Bad enough that the industry's a desiccated corpse, but now it gets to turn its empty eye-sockets outward upon a world sputtering towards collapse. We've replaced the books and arts section with an obituary pull-out. So that's what I'm reduced to rendering now, cobbling together bits and pieces from Partrick's eulogy. I sit before my screen and my headphones drown out silence. I coax my absent editor with a text or two, teasing about a big new lead on the virus story. I dial up my previous sources. Anything to fill the three-hour gap before the day's last funeral.

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I sat alongside my insider contact once again, deciding Mr. Slate was as fitting a moniker for my notes as would apply. We hunched on the same bench, under the same awning, beneath the same ruined brick structure as during our talk two months prior. He was even more sputtering and shifty than before. A fairly exhaustive witch hunt had been loosed following my last series, based on his documents, despite their being largely innocuous and unclassified. I'd lured him out this time with the assurance I was asking for no materials or linkable details. Just pure reaction to a lead, informed theorizing, deep background. Sources like Slate have a weakness for phraseology like that, at the offer of an attentive ear to profound, expert counsel, which is routinely denied them in their actual agency of employ. It didn't keep him from gnawing nervously at his nails though.

“So I've laid out the hypothesis I have, that federal authorities are working up some sort of forced cordon of the main carriers of the virus – those being children. Can you give any insight at all as to how that might work in practice? I mean what would be involved?”

He shifted on the bench, head nodding slightly with eyes closed, apparently running the process through his administrative sub-routines and next steps.

“We'd want to break the ice first. While the logistics ramped up and while monitoring for political price and public backlash. But by the same token, most people are truly very frightened at this point. They're looking for strong government intervention to provide some reassurance. But I have to believe we'd begin with a more manageable population – say a particularly blighted urban area, one that's been hard hit.”

“Like Montreal? They've fared rather badly.”

“Exactly. And forced evacuation is quite simply not an option in this era, you must understand. It's not the 1940s, not wartime. So we'd need to achieve isolation in a zone of extant facilities and infrastructure. You cannot ship two million children off into the wilderness. Meaning then you compartmentalize them within the urban areas already rigged for monitoring, regulation and policing.”

“What do you mean?”

“We'd convert the schools. Put buffer zones around them. Bring in mobile facilities for medicine, hygiene, food preparation. Establish sleeping quarters and so forth. I'd guess something approaching seventy percent of our emergency shelters and disaster relief stations are already geared to use of public school facilities already. We'd simply ramp up atop those existing procedures and stock.”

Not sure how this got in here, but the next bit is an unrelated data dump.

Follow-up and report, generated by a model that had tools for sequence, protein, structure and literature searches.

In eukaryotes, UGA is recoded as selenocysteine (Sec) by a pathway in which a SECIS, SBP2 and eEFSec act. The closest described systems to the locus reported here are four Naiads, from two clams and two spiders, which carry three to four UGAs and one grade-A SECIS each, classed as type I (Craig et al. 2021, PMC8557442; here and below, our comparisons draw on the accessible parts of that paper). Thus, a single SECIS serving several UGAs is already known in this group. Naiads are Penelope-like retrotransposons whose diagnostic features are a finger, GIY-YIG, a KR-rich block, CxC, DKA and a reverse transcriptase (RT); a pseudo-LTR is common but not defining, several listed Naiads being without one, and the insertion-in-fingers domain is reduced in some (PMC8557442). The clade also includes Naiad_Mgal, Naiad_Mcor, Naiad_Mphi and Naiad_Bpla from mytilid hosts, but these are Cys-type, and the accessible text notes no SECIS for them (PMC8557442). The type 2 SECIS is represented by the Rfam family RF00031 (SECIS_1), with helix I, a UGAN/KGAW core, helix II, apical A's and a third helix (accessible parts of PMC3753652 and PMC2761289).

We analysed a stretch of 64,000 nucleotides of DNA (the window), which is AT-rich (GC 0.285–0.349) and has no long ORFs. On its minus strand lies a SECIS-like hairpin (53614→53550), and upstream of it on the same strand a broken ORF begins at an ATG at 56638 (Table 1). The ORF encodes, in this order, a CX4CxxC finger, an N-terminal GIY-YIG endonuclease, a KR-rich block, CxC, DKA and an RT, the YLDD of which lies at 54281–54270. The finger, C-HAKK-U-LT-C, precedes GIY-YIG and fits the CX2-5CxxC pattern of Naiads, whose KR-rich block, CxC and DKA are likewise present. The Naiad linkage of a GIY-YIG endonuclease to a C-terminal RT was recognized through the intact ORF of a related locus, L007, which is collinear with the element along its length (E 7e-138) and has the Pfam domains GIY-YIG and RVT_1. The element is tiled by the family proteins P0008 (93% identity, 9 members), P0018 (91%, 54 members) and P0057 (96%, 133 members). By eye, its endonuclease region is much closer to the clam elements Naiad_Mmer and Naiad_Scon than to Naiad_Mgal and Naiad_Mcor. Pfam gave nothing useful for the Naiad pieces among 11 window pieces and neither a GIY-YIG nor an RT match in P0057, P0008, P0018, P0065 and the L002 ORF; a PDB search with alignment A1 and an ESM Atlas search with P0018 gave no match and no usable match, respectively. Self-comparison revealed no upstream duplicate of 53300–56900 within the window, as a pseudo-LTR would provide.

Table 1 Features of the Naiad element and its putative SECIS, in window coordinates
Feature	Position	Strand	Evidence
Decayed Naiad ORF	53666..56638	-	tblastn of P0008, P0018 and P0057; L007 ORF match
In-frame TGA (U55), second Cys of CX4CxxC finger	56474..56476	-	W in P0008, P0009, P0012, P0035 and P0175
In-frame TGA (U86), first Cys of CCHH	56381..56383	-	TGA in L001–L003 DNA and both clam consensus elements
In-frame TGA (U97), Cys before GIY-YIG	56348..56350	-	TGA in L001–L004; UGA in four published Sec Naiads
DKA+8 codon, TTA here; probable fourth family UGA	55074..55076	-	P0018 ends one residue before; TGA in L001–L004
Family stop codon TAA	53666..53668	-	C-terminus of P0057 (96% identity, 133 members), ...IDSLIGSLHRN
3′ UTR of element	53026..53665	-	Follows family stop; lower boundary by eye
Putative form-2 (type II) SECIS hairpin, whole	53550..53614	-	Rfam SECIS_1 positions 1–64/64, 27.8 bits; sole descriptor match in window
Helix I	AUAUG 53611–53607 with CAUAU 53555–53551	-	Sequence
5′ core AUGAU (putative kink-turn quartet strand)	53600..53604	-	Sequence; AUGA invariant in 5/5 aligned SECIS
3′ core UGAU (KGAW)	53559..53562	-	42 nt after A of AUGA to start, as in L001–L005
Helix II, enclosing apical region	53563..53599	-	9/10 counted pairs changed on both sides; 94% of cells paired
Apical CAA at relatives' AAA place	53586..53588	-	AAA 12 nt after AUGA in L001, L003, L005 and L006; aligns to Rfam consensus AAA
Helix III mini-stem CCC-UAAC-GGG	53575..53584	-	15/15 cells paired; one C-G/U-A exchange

“But the obvious question is how do you make it happen?”

“Alex, a great many families already entrust their children to this system for close to 12 hours a day as it is, without batting an eye. It's familiar. In fact, to ease discomfort with the idea of boarding you'd retain all the educational elements possible. Lessons could be conducted remotely, as could supervision to some extent, though teleconferencing and holography. Almost all grade schools have been fully wired for this. Obviously some direct adult contact would still be required but I have no doubt there are a good number of dedicated educators would volunteer for this. These people are fully exposed already, right now as we speak, to risk.”

“And parents? How are they sold on this? It would be very traumatic.”

“You're asking the wrong person. I have no children.”

“Is there any kind of precedent for any of this?”

“Every level of government has some kind of contingency powers for serious disease outbreak or natural catastrophic events. The CARV epidemic has already killed close to sixty million people.”

“Sixty? We keep reporting forty.”

“Those are CDC numbers, very conservative figures, low-ended to minimize panic and maintain some semblance of market confidence. Anyway, the precise numbers are not important. The progression is – it took six months for mortality to climb to forty but in the last month there have been twenty more worldwide. We are not doing well, particularly Europe or North America. There may be societal, even genetic aspects to vulnerability that we haven't yet honed in on. We just don't know but at this point, this scale of virulence, well its precisely why we have emergency laws.”

“So they would enforce quarantine with laws we have now?”

“The federal Emergencies Act is very non-specific. There are no listed parameters on what measures it can be used to authorize. These would come via regulations issues directly from the appropriate Ministries. My best guess would be that Cabinet would meet, approve a broad Memorandum and funding, departments would draft the necessary regulations, a major city would be selected to pilot these and a declaration of some kind would be issued with the province marking out that locale as a virus hotspot. The media and local authorities would be briefed and brought on-side, then quarantine announced as an urgent, temporary control measure. All local families with school age children would be put on a week's notice. Then the retrofitting and build-up of facilities would immediately begin, to show resolve. I'd say with the right funding and planning, that could be deployed in a major city in under a month.”